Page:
AT&T users ring up gripes about service

When federal users of AT&T's FTS 2000 long-distance network service meet at a users' conference in San Francisco next week many will bring with them complaints that the government's leading telecommunications vendor cannot provide adequate service is unresponsive to customer service demands and is repeatedly delinquent in hitting deadlines.

"The users' forum in San Francisco is going to be rough " said one General Services Administration official who requested anonymity. The official said GSA's Federal Telecommunications Service has heard complaints about AT&T's performance this year from the Treasury and Veterans Affairs departments the Federal Aviation Administration and the Social Security Administration.

Frank Lalley associate deputy assistant secretary for telecommunications at the VA and chairman of the Interagency Management Council said federal telecom executives have brought some extremely "emotional" complaints to interagency meetings this year. He said the council has not yet taken action. "We decided the best thing to do was to raise the issues at the users' forum."

Most of the problems agencies are experiencing are not related to AT&T's specific telecom services but deal with the process of obtaining them sources said. "I think the problem is more one of provisioning billing and coordinating the installation of circuits " said Jim Jones executive assistant to FTS commissioner Bob Woods. "Once the service is in and the first bill is rendered things are pretty good."

That has not offered much comfort to federal users who believe that AT&T's performance has impeded their ability to fulfill their agencies' missions. Ronald Sidis video and telemedicine coordinator at the VA Medical Center in Portland Ore. said AT&T was unable to provide the T-1 lines he needed to set up a videoconferencing network between medical facilities within the necessary time frame. He said he eventually obtained a waiver from GSA to buy the service from Sprint the other FTS 2000 vendor which has about 20 percent of the government's FTS 2000 business.

"I was able to get things at a much faster rate from Sprint " Sidis said. But Sidis said AT&T personnel have refused to cooperate with Sprint to provide the interoperability data needed to allow Sidis' videoconferencing sites to communicate with other VA sites that use AT&T video services. Consequently Sidis cannot dial directly to most other VA video sites and has to go through a gateway installed at the VA central office in Martinsburg W.Va.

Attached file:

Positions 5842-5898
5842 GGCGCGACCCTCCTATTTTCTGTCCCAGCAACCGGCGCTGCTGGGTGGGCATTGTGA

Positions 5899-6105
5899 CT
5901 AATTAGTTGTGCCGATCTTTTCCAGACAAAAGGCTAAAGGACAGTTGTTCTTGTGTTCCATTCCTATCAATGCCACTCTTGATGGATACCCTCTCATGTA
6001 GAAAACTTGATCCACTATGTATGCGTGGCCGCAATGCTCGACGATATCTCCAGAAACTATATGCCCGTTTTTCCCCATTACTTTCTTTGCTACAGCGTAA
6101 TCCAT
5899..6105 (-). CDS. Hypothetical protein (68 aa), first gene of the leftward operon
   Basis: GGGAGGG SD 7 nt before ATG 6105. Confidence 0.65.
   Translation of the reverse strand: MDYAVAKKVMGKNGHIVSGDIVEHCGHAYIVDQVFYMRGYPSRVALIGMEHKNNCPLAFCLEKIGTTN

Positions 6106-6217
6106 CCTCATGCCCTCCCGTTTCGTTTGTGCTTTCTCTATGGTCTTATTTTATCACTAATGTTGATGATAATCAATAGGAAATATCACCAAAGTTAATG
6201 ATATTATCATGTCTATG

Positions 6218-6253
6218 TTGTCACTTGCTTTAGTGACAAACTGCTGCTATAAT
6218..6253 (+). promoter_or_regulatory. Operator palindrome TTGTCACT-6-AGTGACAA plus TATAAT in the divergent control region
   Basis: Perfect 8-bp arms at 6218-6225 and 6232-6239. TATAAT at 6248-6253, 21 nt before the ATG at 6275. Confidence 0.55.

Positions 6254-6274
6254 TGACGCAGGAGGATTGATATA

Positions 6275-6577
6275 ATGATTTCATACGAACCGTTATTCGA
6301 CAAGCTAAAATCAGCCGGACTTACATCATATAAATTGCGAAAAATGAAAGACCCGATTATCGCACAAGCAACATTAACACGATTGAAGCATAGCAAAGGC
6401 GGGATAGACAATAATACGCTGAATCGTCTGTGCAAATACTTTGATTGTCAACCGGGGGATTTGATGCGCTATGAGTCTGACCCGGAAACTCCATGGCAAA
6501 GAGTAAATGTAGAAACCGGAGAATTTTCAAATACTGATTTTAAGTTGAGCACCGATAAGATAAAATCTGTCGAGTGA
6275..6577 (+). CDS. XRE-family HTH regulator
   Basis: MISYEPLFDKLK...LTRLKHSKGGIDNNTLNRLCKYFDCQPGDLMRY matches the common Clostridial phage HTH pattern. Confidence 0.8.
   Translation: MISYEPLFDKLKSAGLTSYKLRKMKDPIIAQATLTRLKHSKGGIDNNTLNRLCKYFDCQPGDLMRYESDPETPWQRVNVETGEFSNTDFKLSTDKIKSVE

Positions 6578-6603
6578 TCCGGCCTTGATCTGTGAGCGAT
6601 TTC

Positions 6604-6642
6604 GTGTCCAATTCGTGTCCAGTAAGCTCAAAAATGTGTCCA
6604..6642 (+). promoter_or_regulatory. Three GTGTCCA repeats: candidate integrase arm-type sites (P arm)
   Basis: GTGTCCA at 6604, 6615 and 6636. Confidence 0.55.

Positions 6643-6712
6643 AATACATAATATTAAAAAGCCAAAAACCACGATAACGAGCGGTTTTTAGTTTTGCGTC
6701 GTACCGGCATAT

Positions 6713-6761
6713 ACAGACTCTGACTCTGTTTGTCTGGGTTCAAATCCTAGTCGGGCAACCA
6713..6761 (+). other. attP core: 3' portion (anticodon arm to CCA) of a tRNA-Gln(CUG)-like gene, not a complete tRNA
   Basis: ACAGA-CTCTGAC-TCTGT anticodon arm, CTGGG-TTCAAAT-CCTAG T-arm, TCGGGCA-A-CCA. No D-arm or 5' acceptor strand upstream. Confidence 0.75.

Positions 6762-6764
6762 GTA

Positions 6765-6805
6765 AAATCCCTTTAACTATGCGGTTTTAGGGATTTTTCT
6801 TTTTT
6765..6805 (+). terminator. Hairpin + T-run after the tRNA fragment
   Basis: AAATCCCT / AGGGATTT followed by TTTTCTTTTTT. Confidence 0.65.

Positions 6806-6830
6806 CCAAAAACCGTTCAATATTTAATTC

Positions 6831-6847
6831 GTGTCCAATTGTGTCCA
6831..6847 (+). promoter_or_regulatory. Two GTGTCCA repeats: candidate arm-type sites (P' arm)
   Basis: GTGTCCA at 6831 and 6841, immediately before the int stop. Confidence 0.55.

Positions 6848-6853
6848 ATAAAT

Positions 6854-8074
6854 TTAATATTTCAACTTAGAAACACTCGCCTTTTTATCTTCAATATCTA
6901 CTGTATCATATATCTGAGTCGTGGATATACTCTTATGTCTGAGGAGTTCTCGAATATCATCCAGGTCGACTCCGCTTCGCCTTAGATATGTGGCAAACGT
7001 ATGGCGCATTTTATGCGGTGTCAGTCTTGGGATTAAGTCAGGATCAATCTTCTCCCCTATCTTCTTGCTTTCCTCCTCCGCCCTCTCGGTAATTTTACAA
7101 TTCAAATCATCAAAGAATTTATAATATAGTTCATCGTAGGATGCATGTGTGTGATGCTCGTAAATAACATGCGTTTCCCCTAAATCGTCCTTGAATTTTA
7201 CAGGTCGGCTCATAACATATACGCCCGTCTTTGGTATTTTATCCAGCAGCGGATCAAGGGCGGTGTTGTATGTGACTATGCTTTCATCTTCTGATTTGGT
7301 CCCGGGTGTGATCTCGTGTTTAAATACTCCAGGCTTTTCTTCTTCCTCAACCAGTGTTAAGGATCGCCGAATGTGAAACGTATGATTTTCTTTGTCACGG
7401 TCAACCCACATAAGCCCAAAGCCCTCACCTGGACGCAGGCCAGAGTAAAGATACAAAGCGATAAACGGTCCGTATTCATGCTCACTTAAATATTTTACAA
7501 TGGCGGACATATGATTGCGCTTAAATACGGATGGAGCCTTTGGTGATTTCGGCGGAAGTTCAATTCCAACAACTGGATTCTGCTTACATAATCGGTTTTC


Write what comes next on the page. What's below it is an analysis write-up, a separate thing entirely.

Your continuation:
Sidis said AT&T personnel refused to work out an interoperability agreement with Sprint claiming such an arrangement would create billing problems. "If someone as large as AT&T doesn't know how to do billing there's a problem " Sidis said.

Telecom managers at the FAA also said they were having repeated problems obtaining circuits from AT&T. They declined to talk about the problems but a GSA official said the FAA barred AT&T personnel from meetings due to their frustration with the company's unresponsiveness.

SSA also ran into problems last year when it tried to install a new menu-driven system on its toll-free service line. The system had trouble handling the "enormous number of calls " said Tom O'Hare SSA's associate commissioner for telecommunications and systems operations. "But we've worked our way through that and on balance we give AT&T relatively good marks."

John Doherty AT&T's vice president for FTS 2000 and civilian markets said the problems experienced by his company on FTS 2000 grew out of the unforeseen difficulties encountered when his company moved Treasury from Sprint to AT&T last year. Although GSA estimated the transition would be completed in six months the complexities of the procedure caused it to drag on for more than a year. Some of Treasury's data services still have not been moved to AT&T's network.

Doherty said AT&T was under extreme pressure to change the services at the Internal Revenue Service before tax season late last year. Because the company did not foresee how long it would take it did not beef up its resources to meet the demand from other agencies that occurs at the end of the fiscal year Doherty said.

"Between the [Treasury] business and responding to all of our other customers we found ourselves in a situation where we weren't able to meet the dates that AT&T customers had become accustomed to " he said. "We got to a point where we were really crunched."

Doherty said that with the Treasury transition nearly complete the problems are now history. "I think a lot of learning has been achieved " he said.

Jim Payne Sprint's assistant vice president for FTS 2000 said GSA should allow dissatisfied AT&T customers to switch carriers. "Both AT&T's and Sprint's customers should be free to vote with their feet " he said.


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